According to the Australian Bureau of Statistics' Australian Women's Year Book 1994, in 1993 nearly 50% of men had post-school qualifications, compared with approximately 38% of women. In 1994, over 40% of women were employed part time, compared with approximately 10% of men.

In 1993 total earnings of female plant and machine operators and drivers were 66% of men's, and even women para-professionals still earned only 91% of men's earnings. Between 1988 and 1993 women's earnings decreased in relation to men's in the electricity, gas and water, construction, transport and storage, recreation and personal services industries. In 1991 women made up over 60% of legal clerks, just over 25% of lawyers and only 15% of judges.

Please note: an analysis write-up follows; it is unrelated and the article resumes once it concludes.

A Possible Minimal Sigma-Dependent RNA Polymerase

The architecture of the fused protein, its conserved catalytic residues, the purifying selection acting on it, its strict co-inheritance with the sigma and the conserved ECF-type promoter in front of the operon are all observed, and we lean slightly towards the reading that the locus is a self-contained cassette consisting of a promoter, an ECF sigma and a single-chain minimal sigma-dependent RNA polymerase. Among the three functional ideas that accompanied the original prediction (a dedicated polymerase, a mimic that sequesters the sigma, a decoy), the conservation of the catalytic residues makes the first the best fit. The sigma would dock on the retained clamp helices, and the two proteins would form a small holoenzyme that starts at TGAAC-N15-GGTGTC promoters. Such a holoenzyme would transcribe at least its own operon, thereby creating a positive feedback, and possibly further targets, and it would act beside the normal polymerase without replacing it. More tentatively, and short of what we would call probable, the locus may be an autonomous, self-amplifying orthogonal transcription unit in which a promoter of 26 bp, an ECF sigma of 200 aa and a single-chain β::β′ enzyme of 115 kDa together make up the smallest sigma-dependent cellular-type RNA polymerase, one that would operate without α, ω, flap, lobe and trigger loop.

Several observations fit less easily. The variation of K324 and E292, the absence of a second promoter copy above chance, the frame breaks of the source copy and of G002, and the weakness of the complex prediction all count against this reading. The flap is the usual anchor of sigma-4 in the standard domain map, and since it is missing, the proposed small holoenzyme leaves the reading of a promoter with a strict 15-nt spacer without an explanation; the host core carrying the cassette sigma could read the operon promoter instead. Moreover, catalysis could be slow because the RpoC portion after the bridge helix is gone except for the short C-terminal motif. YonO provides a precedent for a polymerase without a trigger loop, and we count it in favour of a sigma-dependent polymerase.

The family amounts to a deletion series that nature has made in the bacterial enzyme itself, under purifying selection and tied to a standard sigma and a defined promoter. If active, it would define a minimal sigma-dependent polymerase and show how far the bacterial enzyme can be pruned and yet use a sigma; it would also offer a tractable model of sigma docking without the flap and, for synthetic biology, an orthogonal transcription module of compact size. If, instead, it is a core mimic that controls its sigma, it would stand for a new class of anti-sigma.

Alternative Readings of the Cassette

Yet the myths that try to convince us we're imagining all this continue. The First Stone reiterates them.

Backlash myth no. 1: Feminism has turned women into victims. We should be able to handle out of turn remarks or behaviour on our own. Instead, we have all become powerless victims who overreact at the slightest provocation.

This is not a new idea. Kate Roiphe has dealt with similar claims in her books about life on campus in the US. Camille Paglia is renowned for denouncing feminism as creating a world full of "victims".

There is much debate within the women's movement about the cause of violence against women, and by logical extension, the issue of whether all men are potential, if not actual, perpetrators of violence.

This is a debate within feminism that is not acknowledged in the book. Instead, Garner declares all young feminists to hold a particular perspective on the issue. She calls "modern feminism", "priggish, disingenuous [and] unforgiving". She says feminism has "mutated into ... these cold-faced punitive girls".